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Investment Strategy

The Great Rotation

By Elliott H. Gue, on Jun. 19, 2013

Editor’s Note: Elliott Gue and Roger Conrad will host a FREE webinar on Oct. 15, 2013, at 2:00 p.m. to discuss their outlook for the stock market and economy and their top themes and stocks for 2014. Can’t attend live? Registering will also enable you to replay the event at your leisure.

On Oct. 4, 2011, Moody’s Investor Service cut Italy’s sovereign-debt rating for the first time in almost two decades, sending yields on bonds issued by fiscally troubled EU governments soaring and Continental stock markets tumbling. EU leaders floundered to resolve the situation and stabilize Europe’s shaky banking system, raising the specter of another devastating credit crunch.  

In the US, a spate of weak economic data and a protracted battle between President Barack Obama and Congressional Republicans over the US debt ceiling catalyzed a vicious 18 percent selloff in the S&P 500 in early August. After a brief bounce in September, the market resumed its slide into early October.

But stocks often bottom when the economic outlook and financial conditions look bleakest. True to form, the S&P 500 hit an intraday low of 1074.77 on Oct. 4, 2011, before embarking on an impressive rally. After this inflection point, the benchmark index has posted a total return of almost 50 percent.

Source: Bloomberg

Though welcome, this rally has been unusual in one key respect: Stocks and industries with a reputation for their defensive qualities and modest exposure to economic conditions have led the way.

Conventional wisdom holds that investors should buy shares of companies that produce consumer staples when the economy sputters. The health care sector is another safe haven. In contrast, when the economy strengthens and the stock market rallies, the traditional playbook calls for investors to allocate capital to cyclical groups such as energy, technology, financials and industrials.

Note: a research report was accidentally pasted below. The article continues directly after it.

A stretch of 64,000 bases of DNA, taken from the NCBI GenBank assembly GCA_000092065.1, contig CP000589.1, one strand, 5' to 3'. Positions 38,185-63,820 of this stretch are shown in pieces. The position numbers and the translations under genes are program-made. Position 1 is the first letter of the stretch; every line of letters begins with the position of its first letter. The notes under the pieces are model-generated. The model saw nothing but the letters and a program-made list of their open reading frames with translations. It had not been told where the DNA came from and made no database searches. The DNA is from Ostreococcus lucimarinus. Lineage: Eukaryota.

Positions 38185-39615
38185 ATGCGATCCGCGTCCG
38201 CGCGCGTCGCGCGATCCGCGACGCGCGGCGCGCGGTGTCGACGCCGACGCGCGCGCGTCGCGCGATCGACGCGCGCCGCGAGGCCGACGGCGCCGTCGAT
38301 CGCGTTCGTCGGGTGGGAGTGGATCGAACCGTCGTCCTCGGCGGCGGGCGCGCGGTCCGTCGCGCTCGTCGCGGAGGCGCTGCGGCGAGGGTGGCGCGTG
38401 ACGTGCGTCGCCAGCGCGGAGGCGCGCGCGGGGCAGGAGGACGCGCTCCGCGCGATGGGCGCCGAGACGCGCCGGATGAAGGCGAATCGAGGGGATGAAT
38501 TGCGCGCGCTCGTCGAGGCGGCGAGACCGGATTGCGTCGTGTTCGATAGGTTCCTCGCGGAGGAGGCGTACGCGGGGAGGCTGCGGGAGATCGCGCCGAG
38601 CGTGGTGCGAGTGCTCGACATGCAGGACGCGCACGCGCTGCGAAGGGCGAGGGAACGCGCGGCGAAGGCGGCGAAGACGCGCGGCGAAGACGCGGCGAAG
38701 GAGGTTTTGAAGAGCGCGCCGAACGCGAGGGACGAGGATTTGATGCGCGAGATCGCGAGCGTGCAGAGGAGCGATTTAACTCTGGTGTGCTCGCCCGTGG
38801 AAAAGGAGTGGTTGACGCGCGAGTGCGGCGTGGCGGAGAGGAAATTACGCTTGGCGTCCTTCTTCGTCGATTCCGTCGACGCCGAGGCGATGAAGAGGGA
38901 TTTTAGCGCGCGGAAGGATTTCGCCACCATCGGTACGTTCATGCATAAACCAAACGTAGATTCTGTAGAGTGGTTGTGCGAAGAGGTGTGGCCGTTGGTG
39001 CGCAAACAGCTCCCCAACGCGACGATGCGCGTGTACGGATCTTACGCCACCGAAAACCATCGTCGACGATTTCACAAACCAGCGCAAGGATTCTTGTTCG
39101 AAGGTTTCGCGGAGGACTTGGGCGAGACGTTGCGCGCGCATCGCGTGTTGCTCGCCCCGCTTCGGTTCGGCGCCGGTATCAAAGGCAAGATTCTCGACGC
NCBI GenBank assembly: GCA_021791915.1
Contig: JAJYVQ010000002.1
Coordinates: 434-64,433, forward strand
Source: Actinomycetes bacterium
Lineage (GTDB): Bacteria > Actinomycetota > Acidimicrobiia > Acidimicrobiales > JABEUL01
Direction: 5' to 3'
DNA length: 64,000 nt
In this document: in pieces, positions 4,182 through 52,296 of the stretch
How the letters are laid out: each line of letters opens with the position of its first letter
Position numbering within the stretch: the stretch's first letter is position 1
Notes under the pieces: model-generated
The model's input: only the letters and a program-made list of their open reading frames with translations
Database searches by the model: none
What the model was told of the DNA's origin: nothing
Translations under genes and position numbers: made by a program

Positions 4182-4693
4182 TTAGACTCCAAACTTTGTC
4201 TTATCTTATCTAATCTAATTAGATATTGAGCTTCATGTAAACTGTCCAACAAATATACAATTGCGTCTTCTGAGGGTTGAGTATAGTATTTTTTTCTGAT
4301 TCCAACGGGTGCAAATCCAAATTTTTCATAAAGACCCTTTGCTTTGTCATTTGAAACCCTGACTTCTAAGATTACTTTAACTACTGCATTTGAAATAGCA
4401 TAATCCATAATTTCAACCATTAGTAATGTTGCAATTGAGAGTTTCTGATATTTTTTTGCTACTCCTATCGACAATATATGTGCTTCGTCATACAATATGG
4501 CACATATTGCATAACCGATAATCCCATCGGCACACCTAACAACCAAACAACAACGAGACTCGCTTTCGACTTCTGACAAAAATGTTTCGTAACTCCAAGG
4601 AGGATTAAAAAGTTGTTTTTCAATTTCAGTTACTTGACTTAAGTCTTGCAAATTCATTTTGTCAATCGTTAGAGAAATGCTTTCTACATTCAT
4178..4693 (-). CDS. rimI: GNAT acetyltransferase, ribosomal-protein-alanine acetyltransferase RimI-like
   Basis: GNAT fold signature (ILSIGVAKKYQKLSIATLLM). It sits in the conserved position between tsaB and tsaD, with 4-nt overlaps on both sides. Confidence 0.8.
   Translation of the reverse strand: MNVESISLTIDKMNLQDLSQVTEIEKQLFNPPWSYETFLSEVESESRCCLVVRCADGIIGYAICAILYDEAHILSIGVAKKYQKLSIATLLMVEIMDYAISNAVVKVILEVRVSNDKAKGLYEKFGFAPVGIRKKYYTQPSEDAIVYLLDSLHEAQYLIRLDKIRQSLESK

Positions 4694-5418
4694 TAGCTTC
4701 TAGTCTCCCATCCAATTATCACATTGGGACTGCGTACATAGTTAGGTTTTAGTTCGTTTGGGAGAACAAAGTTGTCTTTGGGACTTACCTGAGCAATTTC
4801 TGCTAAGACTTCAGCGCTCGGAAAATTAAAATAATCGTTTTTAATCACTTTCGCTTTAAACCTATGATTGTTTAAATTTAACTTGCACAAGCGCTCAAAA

Market history supports this strategy. For example, during the bull market that stretched from March 2003 to October 2007, the S&P 500 generated an average annual return of 16.1 percent, topping the 12.5 percent annual gain posted by the S&P 500 Consumer Staples Index and the S&P 500 Health Care Index’s 8.4 percent annual profit. Meanwhile, the energy and information technology components of the S&P 500 soared 247.9 percent and 110.4 percent, respectively.

But since October 2011, the S&P 500 Consumer Staples Index has delivered a 57 percent return to investors, while the S&P 500 Health Care Index has rewarded investors with a 41.3 percent gain. Over this period, the S&P 500 itself generated a total return of 49.6 percent. Flying in the face of conventional wisdom, defensive sectors have held their own or outperformed.

This strength peaked in the first quarter of 2013, when the S&P 500 rallied by 10.6 percent and the top-performing components were health care, consumer staples and utilities. Notable laggards during this period included the information-technology and basic-materials sectors.